The Hair Back There
Quelle horreur! (Yes, looking at this photograph I realize my initial reaction was ridic. It was a bad day, what can I say?)
So updo season—known as “spring” to those of you who don’t use their long hair as a built-in neck warmer during the winter—is coming, and in an effort to make sure my hairstyling skills wouldn’t be too rusty when it’s warm enough to wear my hair up, I had a little practice session the other day. (Side note: This updo tool is fantastic and will down my hair prep time to basically nothing. It pulls your hair really tightly, though, so be warned.) I took out a small mirror to check the back of my handiwork and was greeted by a tidy updo—and a neck that, even though I’ve looked at the back of my head in an updo a zillion times, suddenly seemed unseemly hairy. Like, not hairy in the way that just means I’ve got a lot of hair, but hair that goes outside of my hairline in these sparse little patches—long, fine strands of baby hair tufted away at the top of my neck, half-dollar-size patches just below the bottom edge of the skull.
It was horrifying, all of a sudden, made all the more horrifying by the thought that I’ve been probably walking around with this neck garden for years, walking around with my hair in an updo like I didn’t even care that there was a neck garden there, or—possibly worse?—that I knew of my neck garden and was just fine with it. I took to Google, knowing that every beauty magazine and website and blog out there must have covered this—it was just that I’d somehow missed it, despite more than a decade spent reading ladymags for a living—so I’d find what to do to remove/tame/conceal/manage my neck fuzz. Instead, what I found was…a handful of women worried about their own neck fuzz, and legions of other women telling them to quit worrying about it already. A sampling of comments:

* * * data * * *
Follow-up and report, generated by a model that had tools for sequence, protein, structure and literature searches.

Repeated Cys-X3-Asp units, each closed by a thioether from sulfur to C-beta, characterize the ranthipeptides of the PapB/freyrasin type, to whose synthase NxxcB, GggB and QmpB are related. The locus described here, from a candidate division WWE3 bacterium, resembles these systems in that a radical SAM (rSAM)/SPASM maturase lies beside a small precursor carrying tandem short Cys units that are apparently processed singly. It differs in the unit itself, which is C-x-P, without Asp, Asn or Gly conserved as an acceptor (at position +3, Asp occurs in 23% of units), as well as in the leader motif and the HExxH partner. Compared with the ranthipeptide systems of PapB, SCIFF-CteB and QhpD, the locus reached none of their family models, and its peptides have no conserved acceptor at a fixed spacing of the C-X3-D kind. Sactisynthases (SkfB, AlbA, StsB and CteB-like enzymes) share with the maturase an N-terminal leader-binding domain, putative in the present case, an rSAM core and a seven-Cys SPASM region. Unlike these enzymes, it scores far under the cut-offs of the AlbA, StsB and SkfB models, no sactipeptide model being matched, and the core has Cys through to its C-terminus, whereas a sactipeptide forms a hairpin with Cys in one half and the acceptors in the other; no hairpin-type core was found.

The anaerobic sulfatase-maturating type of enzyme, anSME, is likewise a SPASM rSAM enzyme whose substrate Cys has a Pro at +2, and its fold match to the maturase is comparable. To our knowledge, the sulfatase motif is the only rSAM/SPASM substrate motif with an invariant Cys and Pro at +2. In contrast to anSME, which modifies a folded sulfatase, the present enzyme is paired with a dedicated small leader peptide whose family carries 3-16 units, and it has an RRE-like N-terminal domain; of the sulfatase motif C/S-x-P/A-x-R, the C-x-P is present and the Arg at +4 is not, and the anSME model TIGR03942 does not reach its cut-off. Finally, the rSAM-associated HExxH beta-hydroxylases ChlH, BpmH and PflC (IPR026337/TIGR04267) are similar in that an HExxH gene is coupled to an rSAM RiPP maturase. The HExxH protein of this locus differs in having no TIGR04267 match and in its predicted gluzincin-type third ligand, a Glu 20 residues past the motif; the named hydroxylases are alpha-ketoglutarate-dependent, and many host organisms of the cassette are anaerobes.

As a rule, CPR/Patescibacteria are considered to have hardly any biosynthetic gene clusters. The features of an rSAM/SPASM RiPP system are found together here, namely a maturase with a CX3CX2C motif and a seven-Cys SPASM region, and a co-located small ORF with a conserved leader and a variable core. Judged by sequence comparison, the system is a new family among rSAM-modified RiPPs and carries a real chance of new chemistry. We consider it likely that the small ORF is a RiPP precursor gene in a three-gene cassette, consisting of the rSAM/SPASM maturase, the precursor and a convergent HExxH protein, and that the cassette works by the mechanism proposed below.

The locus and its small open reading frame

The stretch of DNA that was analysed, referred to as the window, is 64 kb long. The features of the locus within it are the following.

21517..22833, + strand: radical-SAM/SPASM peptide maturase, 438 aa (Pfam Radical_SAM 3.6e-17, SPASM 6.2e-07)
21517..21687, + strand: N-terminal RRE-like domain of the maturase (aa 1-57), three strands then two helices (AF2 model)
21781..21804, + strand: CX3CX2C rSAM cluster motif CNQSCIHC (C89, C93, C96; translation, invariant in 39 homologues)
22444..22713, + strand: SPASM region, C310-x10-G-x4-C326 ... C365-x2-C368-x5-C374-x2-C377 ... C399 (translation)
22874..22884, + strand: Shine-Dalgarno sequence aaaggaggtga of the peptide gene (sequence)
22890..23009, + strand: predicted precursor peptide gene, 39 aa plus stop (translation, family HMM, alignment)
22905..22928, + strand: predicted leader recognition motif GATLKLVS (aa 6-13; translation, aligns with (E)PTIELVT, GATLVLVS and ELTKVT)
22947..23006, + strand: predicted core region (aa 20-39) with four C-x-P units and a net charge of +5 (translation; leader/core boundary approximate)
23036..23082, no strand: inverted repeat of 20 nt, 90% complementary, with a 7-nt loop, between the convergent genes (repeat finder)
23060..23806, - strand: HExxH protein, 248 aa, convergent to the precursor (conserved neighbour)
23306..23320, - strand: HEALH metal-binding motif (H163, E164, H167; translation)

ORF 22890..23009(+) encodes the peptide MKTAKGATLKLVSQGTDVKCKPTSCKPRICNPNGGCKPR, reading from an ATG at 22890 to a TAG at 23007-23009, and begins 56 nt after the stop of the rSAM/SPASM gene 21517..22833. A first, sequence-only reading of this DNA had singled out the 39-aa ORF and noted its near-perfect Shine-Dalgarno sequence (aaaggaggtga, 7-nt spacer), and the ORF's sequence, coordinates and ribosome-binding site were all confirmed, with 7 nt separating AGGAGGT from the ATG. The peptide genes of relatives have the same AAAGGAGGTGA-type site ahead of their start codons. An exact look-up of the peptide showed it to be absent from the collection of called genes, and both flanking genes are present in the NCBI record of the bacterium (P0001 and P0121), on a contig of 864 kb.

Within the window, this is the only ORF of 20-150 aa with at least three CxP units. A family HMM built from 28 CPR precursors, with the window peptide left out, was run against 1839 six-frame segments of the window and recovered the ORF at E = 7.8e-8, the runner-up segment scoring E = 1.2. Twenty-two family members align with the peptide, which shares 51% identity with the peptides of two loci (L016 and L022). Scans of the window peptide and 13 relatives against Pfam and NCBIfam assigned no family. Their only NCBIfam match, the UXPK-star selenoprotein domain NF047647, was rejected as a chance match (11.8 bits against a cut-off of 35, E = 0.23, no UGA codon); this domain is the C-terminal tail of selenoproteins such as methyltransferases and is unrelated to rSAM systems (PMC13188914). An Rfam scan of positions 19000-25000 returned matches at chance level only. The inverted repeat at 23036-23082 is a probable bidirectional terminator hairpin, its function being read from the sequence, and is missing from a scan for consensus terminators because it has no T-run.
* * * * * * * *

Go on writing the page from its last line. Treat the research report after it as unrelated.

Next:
- “I’m sorry your baby hairs bother you, but I’m sure nobody else notices them.”
- “I don’t mind them…I think they’re cute/pretty.”
- “Much of the sensation we get from being touched is from our little skin hairs being moved, and I don’t care to lose any sensation on my neck, if you catch my drift :)”
- “yeah, it’s normal. don’t worry and just leave it. you’ll look like a freak if you try to mess with it.”
- “How did you even notice it?”
- “Everyone gets hair on their neck. Don’t worry!”
As expected, there were also a handful of people who had concrete advice—electrolysis, spraying them into the updo, waxing, bleach. But the ratio here was remarkable: For every bit of beauty advice, there were five responses along the lines of “don’t sweat it.” (And it’s worth noting that I couldn’t find even one ladymag/beauty blog service piece anywhere about how to manage neck hair. All the responses were from online forums of various sorts, beauty-related and general.)
Now, compare that with questions about hair on, let’s see, every single other part of a woman’s body except the scalp. Most of the comments above apply to other body hair—plenty of hair we depilate isn’t visible to most people, hair increases sensation, and most important, we all have it. But if you start in with applying those sentiments to leg or armpit hair, you may as well have a life-size tattoo of Ani DiFranco. None of the comment threads I read were on body-image, body-acceptance, or feminist forums (and feminist forums might well have depilation threads anyway, since “leg-shaving feminist” isn’t the oxymoron some might make it out to be). Yet in these mainstream forums, a gentle acceptance—even a kind-hearted teasing of people who were overly concerned about their own neck hair—reigned supreme.
Naturally, I’m pleased by what I found, both on a technical level (let ’em grow!) and on a political-ish level. But I’m puzzled too. Why do queries about neck hair yield cries of acceptance, while queries about any other form of body hair yields advice, recommendations, tips, tricks, products? When I posed this question to a friend, she pointed out that even though neck hair falls below the full hairline, it’s still on our heads, and women’s locks are “supposed” to be long and luxurious—and what’s more luxurious than abundance? Plus, some women’s neck hair (like mine) is softer and downier than the stuff atop the head, lending a fine, wispy appearance—feminine, you might say.